On appeal, Donald argues that the district court improperly allocated to him the burden of proving his claims of waste, and that since defendants failed to prove that the transactions in question were fair and reasonable, he was entitled to judgment. Donald also argues that the awards of attorneys' fees were improper. We agree with each of these contentions, and therefore reverse and remand.
For many years Leon Lewis, Sr., the father of Donald and the defendant directors, was the principal shareholder of SLE and LGT. LGT, formed in 1933, operated a tire dealership in Rochester, New York. SLE, formed in 1943, owned the land and complex of buildings at 260 East Avenue in Rochester. This property was SLE's only significant asset. Prior to 1956 LGT occupied SLE's premises without benefit of a lease; the rent paid was initially $200 per month, and had increased over the years to $800 per month by 1956, when additional parcels were added. On February 28, 1956, SLE granted LGT a 10-year lease on the newly expanded property ("the Property"), for a rent of $1200 per month, or $14,400 per year. Under the terms of the lease, SLE was responsible for payment of real estate taxes on the Property, while all other current expenses were to be borne by the tenant, LGT.*fn1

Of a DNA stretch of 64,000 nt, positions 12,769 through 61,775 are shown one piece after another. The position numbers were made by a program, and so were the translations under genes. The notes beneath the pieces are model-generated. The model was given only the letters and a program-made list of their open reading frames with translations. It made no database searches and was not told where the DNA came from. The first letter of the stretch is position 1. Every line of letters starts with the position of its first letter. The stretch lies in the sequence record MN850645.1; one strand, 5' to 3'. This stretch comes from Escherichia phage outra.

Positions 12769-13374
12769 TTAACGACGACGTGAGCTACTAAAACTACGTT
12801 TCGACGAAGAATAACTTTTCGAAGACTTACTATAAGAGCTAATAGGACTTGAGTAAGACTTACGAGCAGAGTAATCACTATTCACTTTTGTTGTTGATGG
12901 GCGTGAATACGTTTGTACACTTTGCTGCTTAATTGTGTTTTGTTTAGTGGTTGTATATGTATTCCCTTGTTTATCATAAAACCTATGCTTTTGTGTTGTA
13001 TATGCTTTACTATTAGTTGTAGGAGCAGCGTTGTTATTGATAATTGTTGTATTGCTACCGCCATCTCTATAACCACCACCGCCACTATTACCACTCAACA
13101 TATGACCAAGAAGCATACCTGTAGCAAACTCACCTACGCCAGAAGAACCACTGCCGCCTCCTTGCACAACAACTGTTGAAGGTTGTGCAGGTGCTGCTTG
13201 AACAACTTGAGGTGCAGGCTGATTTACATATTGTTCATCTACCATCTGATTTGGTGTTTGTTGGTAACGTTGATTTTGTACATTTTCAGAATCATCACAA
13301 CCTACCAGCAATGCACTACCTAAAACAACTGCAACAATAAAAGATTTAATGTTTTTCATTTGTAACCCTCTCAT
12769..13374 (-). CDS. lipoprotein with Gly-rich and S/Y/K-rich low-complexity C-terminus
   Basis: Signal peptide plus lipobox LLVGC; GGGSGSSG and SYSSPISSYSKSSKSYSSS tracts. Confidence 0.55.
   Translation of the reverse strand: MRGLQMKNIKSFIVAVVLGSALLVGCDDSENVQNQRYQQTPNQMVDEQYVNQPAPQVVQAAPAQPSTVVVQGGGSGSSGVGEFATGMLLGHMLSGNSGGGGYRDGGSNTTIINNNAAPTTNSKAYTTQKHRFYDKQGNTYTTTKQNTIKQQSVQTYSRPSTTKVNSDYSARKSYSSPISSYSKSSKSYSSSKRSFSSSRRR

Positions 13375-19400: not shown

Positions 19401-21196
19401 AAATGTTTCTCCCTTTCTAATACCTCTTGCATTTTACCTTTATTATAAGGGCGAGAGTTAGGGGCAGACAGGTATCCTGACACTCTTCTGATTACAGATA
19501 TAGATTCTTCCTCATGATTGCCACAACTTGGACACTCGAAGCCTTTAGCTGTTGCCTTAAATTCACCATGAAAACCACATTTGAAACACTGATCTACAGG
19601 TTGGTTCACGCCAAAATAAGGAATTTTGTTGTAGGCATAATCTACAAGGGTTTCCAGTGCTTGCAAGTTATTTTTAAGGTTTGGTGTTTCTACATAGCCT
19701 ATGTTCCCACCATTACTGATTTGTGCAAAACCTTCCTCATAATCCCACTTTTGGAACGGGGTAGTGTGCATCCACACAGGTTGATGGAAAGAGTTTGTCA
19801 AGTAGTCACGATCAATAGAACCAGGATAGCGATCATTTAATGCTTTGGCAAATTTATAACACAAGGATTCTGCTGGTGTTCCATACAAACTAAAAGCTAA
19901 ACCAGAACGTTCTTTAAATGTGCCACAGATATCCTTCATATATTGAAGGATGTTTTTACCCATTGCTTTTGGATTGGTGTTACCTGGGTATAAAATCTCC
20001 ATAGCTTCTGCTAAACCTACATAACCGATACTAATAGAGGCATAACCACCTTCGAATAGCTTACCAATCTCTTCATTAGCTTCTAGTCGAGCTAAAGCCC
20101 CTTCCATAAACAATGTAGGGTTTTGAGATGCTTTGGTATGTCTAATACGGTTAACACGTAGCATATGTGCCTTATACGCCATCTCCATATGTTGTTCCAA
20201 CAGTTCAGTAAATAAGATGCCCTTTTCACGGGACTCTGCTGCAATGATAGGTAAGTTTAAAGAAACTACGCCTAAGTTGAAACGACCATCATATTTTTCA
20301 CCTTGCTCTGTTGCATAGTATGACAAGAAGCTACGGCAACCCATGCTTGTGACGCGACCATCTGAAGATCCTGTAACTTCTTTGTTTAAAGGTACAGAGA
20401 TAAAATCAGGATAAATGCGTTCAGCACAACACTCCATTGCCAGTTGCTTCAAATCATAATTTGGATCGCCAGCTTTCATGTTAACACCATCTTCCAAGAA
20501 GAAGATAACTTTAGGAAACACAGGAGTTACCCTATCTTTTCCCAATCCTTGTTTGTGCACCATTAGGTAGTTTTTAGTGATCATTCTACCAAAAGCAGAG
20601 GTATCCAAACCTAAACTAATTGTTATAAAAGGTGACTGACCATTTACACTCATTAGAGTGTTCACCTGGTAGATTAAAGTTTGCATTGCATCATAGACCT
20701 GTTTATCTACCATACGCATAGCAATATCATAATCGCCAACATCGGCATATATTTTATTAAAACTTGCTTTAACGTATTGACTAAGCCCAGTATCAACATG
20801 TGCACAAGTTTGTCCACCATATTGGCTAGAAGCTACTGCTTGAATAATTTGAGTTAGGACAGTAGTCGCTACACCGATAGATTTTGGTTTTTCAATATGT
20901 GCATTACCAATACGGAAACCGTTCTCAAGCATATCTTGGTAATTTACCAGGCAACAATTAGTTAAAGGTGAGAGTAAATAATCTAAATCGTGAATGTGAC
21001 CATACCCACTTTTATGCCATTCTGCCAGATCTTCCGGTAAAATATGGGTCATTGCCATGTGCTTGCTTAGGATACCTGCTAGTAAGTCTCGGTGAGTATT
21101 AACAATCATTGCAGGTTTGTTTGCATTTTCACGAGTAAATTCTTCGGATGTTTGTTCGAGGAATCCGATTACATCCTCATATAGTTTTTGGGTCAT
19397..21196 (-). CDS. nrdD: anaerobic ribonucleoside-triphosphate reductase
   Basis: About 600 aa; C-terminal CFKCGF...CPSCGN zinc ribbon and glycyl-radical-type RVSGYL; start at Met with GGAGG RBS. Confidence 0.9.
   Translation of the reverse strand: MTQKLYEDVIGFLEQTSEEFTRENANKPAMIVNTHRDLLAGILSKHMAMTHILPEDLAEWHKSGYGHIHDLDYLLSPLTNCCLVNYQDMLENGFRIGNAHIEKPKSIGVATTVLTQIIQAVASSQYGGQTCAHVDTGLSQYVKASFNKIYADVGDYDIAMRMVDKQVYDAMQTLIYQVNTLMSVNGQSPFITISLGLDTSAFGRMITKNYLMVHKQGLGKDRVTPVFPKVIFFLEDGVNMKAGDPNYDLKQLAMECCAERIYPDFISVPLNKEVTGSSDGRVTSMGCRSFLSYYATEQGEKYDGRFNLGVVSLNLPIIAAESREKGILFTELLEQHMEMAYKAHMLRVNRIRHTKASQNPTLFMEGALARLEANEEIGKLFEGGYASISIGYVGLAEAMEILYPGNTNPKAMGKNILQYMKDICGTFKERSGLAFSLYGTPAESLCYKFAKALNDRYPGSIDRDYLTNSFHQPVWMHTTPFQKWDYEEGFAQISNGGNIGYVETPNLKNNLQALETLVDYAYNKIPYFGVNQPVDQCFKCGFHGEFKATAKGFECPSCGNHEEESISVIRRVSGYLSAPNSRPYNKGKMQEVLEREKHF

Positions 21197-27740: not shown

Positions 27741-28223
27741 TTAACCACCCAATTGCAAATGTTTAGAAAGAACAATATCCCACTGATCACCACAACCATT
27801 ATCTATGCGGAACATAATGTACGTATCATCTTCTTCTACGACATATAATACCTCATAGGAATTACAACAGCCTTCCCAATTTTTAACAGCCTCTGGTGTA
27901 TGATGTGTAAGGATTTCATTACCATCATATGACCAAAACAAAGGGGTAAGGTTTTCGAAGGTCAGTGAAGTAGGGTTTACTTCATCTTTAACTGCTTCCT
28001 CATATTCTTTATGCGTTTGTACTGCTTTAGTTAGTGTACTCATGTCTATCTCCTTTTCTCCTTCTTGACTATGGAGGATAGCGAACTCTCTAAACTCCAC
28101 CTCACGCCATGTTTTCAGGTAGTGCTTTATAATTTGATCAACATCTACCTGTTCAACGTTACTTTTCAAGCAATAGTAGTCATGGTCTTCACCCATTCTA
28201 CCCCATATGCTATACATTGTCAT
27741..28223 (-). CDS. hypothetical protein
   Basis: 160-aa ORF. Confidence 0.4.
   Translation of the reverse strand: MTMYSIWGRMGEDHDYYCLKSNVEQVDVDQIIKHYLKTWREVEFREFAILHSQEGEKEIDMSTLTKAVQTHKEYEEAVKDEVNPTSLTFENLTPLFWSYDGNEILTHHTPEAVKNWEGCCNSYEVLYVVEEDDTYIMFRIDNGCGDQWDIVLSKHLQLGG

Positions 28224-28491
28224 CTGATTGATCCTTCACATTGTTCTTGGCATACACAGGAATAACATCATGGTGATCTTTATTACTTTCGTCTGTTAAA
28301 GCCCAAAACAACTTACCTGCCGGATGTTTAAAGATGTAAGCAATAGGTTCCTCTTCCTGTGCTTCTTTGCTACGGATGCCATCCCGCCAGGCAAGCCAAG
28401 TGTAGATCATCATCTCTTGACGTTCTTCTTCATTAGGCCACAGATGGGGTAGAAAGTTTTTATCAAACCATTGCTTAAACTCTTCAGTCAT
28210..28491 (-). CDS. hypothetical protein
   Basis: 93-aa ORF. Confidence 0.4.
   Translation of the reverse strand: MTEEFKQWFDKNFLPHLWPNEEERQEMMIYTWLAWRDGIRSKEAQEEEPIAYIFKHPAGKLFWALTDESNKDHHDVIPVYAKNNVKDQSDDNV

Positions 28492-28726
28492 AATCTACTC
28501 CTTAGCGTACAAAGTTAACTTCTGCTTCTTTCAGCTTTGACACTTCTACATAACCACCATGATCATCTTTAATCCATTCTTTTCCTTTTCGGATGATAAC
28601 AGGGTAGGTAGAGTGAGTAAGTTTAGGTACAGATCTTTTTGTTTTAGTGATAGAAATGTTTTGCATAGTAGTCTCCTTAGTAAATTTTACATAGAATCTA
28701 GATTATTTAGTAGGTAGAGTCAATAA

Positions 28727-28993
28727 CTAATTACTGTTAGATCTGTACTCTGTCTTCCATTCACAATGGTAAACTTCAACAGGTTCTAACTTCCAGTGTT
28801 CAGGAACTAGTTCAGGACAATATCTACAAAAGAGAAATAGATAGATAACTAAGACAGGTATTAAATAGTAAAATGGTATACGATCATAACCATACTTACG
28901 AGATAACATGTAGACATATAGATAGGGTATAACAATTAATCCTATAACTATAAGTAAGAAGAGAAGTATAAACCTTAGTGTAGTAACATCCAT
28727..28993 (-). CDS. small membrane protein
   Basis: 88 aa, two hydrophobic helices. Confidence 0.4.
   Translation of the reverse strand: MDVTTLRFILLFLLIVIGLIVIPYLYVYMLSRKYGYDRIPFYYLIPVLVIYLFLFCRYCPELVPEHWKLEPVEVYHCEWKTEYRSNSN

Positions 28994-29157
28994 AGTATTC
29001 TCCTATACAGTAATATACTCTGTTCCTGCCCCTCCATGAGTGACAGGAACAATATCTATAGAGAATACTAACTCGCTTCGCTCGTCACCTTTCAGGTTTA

In 1962, Leon Lewis, Sr., transferred his SLE stock, 90 shares in all, to his six children (defendants Richard, Alan and Leon, Jr., plaintiff Donald, and two daughters, Margaret and Carol), giving 15 shares to each.*fn2 At that time Richard, Alan and Leon, Jr., were already shareholders, officers and directors of LGT. Contemporaneously with their receipt of SLE stock, all six of the children entered into a "shareholders' agreement" with LGT, under which each child who was not a shareholder of LGT on June 1, 1972 would be required to sell his or her SLE shares to LGT, within 30 days of that date, at a price equal to the book value of the SLE stock as of June 1, 1972.*fn3